10 Black Composers You Should Know
Despite working in the classical genre throughout its history, works by Black composers have been overlooked for centuries.
Today, when we think of classical music, names such as Mozart, Brahms, Wagner, and Rachmaninoff may spring to mind. Their famed works, along with those written by their contemporaries, make up much of the classical canon. However, the works of Black composers are little known to classical audiences.
The written tradition of classical music, which began in western Europe, has a long history. Since at least the ninth century, composers have been writing complex art music. The classical genre was initially supported by churches and royal courts and focused heavily on vocals and religious subject matter. By the 17th century, the use of tonality — the relationship between notes, chords, and keys — became common in classical composition. This led to a greater emphasis on musical instruments in classical music resulting in larger performance ensembles, and underpinned the genre’s style for the next 250 years.
The attitudes of common-practice period composers and conductors have largely shaped the perception of the genre, which doesn’t reflect the breadth of diversity within classical music. Despite working in the genre throughout its history, Black composers were often overlooked by orchestras and music publishers. As a result, their works are not part of the standard classical concert repertoire and an untold number of compositions have been lost. In recent years, older works have been rediscovered and contemporary composers have gained traction with audiences as performance ensembles seek to be more diverse. Read on for a list of 10 Black composers whose music you should know.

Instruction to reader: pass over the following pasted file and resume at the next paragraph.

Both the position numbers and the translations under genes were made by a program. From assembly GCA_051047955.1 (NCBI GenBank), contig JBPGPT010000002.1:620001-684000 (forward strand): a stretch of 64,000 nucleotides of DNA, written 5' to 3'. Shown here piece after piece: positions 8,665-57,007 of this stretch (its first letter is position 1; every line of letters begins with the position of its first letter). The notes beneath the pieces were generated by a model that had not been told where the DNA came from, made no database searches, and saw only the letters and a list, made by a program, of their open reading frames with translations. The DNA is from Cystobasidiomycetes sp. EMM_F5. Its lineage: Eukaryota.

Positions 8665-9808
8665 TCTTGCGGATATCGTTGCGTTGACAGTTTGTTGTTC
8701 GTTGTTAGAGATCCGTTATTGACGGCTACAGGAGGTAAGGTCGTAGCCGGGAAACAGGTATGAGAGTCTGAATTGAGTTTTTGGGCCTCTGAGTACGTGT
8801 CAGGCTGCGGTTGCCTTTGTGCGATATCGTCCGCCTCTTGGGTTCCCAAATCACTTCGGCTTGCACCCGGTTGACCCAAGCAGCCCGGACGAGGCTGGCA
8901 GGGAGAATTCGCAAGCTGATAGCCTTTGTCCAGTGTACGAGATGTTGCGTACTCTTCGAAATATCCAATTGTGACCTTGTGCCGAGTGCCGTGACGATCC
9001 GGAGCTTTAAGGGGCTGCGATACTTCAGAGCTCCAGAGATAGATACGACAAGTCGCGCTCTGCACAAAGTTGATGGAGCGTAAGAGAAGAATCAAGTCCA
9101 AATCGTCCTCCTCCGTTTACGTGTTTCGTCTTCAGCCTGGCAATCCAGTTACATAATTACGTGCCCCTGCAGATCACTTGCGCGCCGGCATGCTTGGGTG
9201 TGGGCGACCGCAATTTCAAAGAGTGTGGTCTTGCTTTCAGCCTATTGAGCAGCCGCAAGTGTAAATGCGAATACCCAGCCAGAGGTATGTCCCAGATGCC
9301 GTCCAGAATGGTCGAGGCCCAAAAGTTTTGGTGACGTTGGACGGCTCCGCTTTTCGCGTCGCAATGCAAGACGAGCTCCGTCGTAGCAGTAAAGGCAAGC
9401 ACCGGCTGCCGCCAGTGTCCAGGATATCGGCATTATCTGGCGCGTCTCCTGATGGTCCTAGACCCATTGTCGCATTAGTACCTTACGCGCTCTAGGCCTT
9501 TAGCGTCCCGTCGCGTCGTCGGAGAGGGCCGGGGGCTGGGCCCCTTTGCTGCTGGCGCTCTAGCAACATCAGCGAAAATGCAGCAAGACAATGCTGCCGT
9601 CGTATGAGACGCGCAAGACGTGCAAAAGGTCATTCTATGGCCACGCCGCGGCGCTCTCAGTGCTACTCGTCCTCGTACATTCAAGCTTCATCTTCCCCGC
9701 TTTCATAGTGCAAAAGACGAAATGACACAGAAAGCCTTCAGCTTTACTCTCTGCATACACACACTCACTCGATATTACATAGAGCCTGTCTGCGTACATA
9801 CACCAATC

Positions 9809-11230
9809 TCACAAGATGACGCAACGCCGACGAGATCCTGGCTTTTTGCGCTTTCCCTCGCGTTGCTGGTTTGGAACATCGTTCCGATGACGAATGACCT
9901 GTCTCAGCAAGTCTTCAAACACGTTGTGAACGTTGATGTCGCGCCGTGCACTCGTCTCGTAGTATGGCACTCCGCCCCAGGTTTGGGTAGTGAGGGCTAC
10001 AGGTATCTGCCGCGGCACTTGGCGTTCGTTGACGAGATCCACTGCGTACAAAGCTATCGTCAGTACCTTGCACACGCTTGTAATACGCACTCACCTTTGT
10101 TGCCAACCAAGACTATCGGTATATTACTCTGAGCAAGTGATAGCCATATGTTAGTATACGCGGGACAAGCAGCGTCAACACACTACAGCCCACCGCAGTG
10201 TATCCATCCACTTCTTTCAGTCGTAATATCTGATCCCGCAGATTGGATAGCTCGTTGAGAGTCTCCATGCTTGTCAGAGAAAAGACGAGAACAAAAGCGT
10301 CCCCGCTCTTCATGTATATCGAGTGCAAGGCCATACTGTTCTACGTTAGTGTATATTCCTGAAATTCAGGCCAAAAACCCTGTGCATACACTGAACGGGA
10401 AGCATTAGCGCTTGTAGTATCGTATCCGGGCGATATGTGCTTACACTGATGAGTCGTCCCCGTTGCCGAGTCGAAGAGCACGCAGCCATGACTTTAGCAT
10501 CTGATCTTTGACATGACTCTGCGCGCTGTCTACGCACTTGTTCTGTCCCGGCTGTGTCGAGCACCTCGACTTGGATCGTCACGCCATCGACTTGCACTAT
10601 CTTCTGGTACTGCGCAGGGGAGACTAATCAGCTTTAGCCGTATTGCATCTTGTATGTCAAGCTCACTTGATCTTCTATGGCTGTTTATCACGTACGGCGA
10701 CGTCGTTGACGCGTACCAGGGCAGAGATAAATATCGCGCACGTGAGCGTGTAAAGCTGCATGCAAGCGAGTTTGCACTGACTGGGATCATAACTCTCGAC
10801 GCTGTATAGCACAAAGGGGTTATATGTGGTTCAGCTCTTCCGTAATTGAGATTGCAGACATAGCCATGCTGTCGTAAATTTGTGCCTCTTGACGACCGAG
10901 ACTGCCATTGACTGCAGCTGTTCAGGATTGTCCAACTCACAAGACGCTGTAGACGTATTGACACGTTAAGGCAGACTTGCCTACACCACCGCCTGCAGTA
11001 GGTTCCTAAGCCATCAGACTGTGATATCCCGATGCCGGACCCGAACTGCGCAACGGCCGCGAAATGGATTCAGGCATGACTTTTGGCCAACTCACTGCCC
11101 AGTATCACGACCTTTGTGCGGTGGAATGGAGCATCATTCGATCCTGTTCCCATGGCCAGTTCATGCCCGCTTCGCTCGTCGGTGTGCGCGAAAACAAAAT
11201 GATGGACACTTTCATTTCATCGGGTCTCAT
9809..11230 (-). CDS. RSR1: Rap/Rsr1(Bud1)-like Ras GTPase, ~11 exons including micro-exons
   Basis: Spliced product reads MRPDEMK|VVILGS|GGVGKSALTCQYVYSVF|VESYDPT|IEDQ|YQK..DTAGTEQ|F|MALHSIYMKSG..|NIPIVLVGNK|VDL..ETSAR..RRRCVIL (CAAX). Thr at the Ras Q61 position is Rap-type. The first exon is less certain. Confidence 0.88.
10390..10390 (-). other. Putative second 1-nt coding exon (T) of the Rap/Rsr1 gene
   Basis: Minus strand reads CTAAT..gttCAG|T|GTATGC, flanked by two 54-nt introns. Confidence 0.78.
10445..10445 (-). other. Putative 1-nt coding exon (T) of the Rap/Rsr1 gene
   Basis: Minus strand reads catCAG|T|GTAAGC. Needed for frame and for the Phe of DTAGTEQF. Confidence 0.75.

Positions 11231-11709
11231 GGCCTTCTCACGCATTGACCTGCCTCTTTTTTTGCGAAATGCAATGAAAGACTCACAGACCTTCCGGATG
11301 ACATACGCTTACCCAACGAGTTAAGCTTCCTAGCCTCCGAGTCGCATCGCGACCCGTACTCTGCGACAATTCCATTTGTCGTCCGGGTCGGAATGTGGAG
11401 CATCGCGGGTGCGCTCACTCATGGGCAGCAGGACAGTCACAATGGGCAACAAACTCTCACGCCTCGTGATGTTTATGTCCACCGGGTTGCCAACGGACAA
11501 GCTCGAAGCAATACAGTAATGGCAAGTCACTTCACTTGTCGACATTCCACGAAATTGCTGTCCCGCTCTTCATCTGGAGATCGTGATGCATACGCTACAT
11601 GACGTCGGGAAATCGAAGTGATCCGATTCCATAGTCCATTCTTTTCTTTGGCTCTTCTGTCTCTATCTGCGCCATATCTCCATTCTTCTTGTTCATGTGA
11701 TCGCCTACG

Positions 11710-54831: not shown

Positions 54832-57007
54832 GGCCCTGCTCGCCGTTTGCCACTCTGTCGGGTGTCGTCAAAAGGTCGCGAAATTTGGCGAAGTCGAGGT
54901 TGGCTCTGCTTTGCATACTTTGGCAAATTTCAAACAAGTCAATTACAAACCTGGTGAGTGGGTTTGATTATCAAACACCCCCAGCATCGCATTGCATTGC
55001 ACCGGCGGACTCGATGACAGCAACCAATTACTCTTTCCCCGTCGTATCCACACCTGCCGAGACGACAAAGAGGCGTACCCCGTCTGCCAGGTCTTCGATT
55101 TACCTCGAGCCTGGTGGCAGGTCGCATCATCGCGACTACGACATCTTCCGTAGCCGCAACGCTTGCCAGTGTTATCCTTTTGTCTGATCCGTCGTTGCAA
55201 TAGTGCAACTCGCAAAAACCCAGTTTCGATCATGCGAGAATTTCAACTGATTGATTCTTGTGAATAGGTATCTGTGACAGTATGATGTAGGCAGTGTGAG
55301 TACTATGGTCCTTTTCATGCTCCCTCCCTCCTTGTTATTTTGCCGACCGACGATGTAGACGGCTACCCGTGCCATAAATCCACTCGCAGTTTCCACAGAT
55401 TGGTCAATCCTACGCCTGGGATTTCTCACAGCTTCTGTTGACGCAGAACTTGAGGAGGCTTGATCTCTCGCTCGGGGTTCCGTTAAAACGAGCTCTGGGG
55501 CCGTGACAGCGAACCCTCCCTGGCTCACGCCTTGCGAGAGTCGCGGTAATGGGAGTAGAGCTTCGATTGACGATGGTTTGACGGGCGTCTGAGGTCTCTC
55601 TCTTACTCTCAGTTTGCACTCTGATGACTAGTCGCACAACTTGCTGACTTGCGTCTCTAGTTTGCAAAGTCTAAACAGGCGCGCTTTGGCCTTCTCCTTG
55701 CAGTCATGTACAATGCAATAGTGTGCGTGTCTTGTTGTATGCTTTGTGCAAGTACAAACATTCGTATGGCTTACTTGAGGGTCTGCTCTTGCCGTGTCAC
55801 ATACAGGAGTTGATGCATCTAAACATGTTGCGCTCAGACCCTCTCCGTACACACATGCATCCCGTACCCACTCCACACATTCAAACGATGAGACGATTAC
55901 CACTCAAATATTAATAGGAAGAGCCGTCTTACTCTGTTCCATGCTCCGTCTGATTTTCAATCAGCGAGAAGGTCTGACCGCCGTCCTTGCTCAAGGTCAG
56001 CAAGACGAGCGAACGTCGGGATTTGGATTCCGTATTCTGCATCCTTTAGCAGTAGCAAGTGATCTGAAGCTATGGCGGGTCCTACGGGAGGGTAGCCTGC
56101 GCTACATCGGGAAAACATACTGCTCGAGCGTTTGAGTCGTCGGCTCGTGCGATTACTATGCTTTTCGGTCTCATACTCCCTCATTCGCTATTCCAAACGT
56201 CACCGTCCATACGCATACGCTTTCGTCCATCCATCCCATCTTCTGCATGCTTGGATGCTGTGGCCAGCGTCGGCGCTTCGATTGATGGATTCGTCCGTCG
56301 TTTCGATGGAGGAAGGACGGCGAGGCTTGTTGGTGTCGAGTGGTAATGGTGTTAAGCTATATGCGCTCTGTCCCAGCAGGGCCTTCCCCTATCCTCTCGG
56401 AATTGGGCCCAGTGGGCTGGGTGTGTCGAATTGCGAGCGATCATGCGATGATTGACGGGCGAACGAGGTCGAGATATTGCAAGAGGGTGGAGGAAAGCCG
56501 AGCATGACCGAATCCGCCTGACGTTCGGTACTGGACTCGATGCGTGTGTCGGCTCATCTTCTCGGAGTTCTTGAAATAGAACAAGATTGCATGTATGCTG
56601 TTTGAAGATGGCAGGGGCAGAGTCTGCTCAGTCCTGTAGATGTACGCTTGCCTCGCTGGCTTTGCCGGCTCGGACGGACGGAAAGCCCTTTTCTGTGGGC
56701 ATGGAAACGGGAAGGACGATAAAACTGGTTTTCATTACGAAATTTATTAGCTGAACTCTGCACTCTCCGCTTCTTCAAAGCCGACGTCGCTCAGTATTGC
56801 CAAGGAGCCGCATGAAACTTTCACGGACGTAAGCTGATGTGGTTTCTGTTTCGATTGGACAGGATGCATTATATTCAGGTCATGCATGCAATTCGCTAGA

Born in Little Rock, Arkansas in 1887, Florence Price composed over 300 works, including four symphonies and four concertos. She studied organ performance and piano teaching at the New England Conservatory of Music and, after graduating, was briefly the head of the music department at a college in Atlanta. She married and returned to her hometown in 1912, but moved her family to Chicago during the Great Migration in 1927. In 1932, Price’s Symphony No. 1 in E Minor won first prize in the Rodman Wanamaker Competition and was later included in a program with the Chicago Symphony Orchestra. This made her the first Black woman to have a composition played by a major American orchestra.
George Walker, born in 1922, was an American composer and pianist. He was admitted to the Oberlin Conservatory at age 14 and learned composition from Rosario Scalero, who also taught composer Samuel Barber. Walker became the first African-American to win the Pulitzer Prize for Music for his 1996 work, Lilacs. He published over 90 compositions during his lifetime — including pieces commissioned by the New York Philharmonic and Boston Symphony — which were influenced by poetry, jazz music, folk songs, and hymns. Walker’s most performed composition, Lyric for Strings, was written while he was a student at the Curtis Institute of Music in Philadelphia.
William Grant Still
Often referred to as the “Dean of Afro-American Composers,” William Grant Still composed nearly 200 works, including five symphonies, four ballets, nine operas, and over 30 choral compositions. Born in small-town Mississippi in 1895, Still accomplished many firsts — most notably becoming the first Black person to a major American orchestra after he led the Los Angeles Philharmonic in a performance of his own works.